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2019 Online Film Festival Interview: The Extraordinary World of Cecily Blinkstop

Seven-year-old Cecily's powerful imagination helps her family overcome crippling grief

7 Oct , 2019  

Written by Nicky Lowney | Posted by:

Filmmaker Jennifer Potts created The Extraordinary World of Cecily Blinkstop to show how a child’s imagination can triumph over loneliness, tragedy, and grief. The film screens at NewEnglandFilm.com til October 15, 2019 as part of the 2019 Online New England Film Festival.

Set in 1974 rural New England, The Extraordinary World of Cecily Blinkstop moves through the days of Cecily, a seven-year-old girl who, after the death of her baby sister, lives in a world with no music, no color, no laughter, no love—that is, until a magical imaginary friend shows up and joins Cecily on the quest to save her family from the grief that is destroying them.

Jennifer Potts wrote the feature film script The Extraordinary World of Cecily Blinkstop in 2014.  This short version is based on the first 15 pages of the feature film script and serves as a proof of concept for the feature film. It screened at the 2018 Rhode Island International Film Festival, where it took home first place in the Kids Eye Competition. You can watch it now through October 14 as part of the 2019 Online New England Film Festival.

We caught up with Potts about her creative path and her philosophy on filmmaking.

NewEnglandFilm.com: When did you know you wanted to be a filmmaker? And how did you learn?

Jennifer Potts: I have always been a storyteller, and my journey started in the theatre. I received a BA in Theatre and founded/ran a theatre in Fitchburg, MA for years. I had an intern while directing a show who was studying film production. I borrowed some of his textbooks and became fascinated with the control I could have over storytelling as a filmmaker. At 41, I returned to school and attended Fitchburg State University to study film production. I went on to New Hampshire Institute of Art to get an MFA in Writing for Stage and Screen.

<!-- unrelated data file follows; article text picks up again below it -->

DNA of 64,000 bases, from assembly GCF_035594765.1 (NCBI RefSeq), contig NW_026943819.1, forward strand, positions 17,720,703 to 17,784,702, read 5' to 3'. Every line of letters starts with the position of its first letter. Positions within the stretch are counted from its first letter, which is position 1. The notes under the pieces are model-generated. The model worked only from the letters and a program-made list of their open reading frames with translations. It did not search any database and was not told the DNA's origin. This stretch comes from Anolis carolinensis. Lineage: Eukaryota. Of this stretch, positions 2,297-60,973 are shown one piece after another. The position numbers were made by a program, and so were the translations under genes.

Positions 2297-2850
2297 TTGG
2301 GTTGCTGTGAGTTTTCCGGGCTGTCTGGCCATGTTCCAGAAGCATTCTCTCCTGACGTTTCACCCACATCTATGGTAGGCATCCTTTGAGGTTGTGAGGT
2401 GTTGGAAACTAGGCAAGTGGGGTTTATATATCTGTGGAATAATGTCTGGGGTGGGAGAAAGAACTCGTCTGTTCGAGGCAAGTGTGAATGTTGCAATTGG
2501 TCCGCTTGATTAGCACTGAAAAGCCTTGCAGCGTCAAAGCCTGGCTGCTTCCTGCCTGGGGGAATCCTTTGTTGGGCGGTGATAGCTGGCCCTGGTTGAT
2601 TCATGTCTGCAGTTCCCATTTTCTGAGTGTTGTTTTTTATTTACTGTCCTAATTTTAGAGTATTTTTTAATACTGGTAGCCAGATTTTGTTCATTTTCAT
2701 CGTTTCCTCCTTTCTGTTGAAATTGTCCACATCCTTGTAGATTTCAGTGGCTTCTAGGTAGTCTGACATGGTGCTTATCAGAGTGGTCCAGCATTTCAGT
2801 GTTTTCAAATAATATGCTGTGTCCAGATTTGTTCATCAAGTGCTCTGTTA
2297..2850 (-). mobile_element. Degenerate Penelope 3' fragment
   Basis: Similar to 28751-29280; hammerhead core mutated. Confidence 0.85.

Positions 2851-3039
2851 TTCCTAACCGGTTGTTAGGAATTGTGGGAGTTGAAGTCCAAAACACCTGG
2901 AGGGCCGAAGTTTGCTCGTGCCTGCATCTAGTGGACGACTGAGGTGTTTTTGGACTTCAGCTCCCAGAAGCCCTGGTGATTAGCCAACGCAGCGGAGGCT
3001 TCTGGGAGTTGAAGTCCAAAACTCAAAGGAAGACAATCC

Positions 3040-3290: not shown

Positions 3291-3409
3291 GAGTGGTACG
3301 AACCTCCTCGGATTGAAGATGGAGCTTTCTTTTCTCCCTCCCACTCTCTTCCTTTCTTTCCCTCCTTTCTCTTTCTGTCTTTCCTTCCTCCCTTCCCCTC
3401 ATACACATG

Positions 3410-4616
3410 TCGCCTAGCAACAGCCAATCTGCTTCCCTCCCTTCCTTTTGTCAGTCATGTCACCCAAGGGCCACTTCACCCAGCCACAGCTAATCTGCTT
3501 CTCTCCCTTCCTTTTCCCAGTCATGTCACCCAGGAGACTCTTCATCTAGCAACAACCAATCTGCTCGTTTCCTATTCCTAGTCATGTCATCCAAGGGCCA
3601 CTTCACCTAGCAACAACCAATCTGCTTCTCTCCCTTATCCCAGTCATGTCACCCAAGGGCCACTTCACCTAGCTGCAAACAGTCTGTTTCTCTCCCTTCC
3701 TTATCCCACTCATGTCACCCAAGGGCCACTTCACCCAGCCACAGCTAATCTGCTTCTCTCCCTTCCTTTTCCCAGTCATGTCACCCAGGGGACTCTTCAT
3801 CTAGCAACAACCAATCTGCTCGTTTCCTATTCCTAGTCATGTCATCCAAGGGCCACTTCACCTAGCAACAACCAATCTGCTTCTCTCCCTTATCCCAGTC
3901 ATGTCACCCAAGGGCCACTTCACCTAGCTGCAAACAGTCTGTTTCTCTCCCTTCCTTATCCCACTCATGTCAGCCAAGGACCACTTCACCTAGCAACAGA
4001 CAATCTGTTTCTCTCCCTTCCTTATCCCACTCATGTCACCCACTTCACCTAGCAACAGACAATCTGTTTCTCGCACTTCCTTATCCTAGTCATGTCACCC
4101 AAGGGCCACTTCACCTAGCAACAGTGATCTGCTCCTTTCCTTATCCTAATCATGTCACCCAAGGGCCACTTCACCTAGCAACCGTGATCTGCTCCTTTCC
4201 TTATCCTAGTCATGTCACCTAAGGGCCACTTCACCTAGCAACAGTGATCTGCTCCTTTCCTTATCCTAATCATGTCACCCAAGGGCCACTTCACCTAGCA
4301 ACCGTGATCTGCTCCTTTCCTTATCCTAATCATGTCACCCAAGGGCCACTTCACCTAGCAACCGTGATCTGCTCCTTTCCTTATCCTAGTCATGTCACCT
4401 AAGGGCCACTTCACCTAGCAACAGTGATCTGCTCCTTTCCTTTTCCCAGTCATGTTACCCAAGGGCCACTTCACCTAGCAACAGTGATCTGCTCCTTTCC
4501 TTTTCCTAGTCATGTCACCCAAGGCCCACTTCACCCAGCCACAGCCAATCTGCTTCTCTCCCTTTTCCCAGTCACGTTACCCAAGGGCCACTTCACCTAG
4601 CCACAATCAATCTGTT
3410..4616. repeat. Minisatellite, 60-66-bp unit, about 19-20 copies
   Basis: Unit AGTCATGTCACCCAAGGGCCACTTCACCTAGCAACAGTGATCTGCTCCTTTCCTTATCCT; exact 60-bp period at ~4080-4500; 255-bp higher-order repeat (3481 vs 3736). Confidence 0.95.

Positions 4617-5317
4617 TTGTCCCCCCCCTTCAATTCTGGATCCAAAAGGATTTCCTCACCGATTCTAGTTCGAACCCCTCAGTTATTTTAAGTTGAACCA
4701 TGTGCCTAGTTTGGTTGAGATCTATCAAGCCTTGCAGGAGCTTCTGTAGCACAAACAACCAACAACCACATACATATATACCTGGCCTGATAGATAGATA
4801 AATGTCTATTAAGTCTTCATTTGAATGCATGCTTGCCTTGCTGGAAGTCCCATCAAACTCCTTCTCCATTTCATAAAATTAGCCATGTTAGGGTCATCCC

NewEnglandFilm.com: What inspired you to make this film?

Potts: When I was a child, I had an imaginary friend named Jeanie-Janie. When I came home from my first day of preschool, she was gone. I didn’t know who she was. I always wondered why I had created this friend to begin with, and how she could just be there one day and gone the next. I realized it was because I was lonely and my parents’ marriage was falling apart.

I believe that children have the power to use their imaginations to overcome stress, loneliness, tragedy and grief. This power gives children the ability to be superheroes in times of need.

I have many friends who have lost babies, children, and adult children. The grief is unimaginable and unbearable. I have also lost three babies during pregnancy. Out of these experiences, I created this young girl named Cecily Blinkstop who uses her powerful imagination to rescue her family from grief following the death of her baby sister.

NewEnglandFilm.com: How did you find your cast and crew for the film?

Potts: With the exception of my male lead, I held open auditions. There is great talent in New England. Will Bouvier (Kevin Blinkstop) and I have worked together for years. I always write characters for him.

NewEnglandFilm.com: What films are you working on now?

Potts: I have many projects in the works, including three feature-length scripts I am cleaning up for submission, and a short horror film I am creating with a close friend and filmmaker. I am also doing production design/wardrobe for a low-budget short film in Rhode Island.

NewEnglandFilm.com: Is there any filmmaking advice you’d like to share?

Potts: As filmmakers I think it is critical that we pay our cast and crew. I see so many filmmakers asking people to work for free. First of all, you get what you pay for. Secondly, we have all received training that makes us qualified to do our jobs. Lawyers and doctors and teachers do not work for free. When we value someone’s work, we show them by paying them. Filmmaking should be no exception.

As a female filmmaker, I believe it is my responsibility to change the gender demographics on my film sets. Fifty percent of my cast and crew are women.

The Extraordinary World of Cecily Blinkstop is available for streaming as part of the 2019 Online New England Film Festival.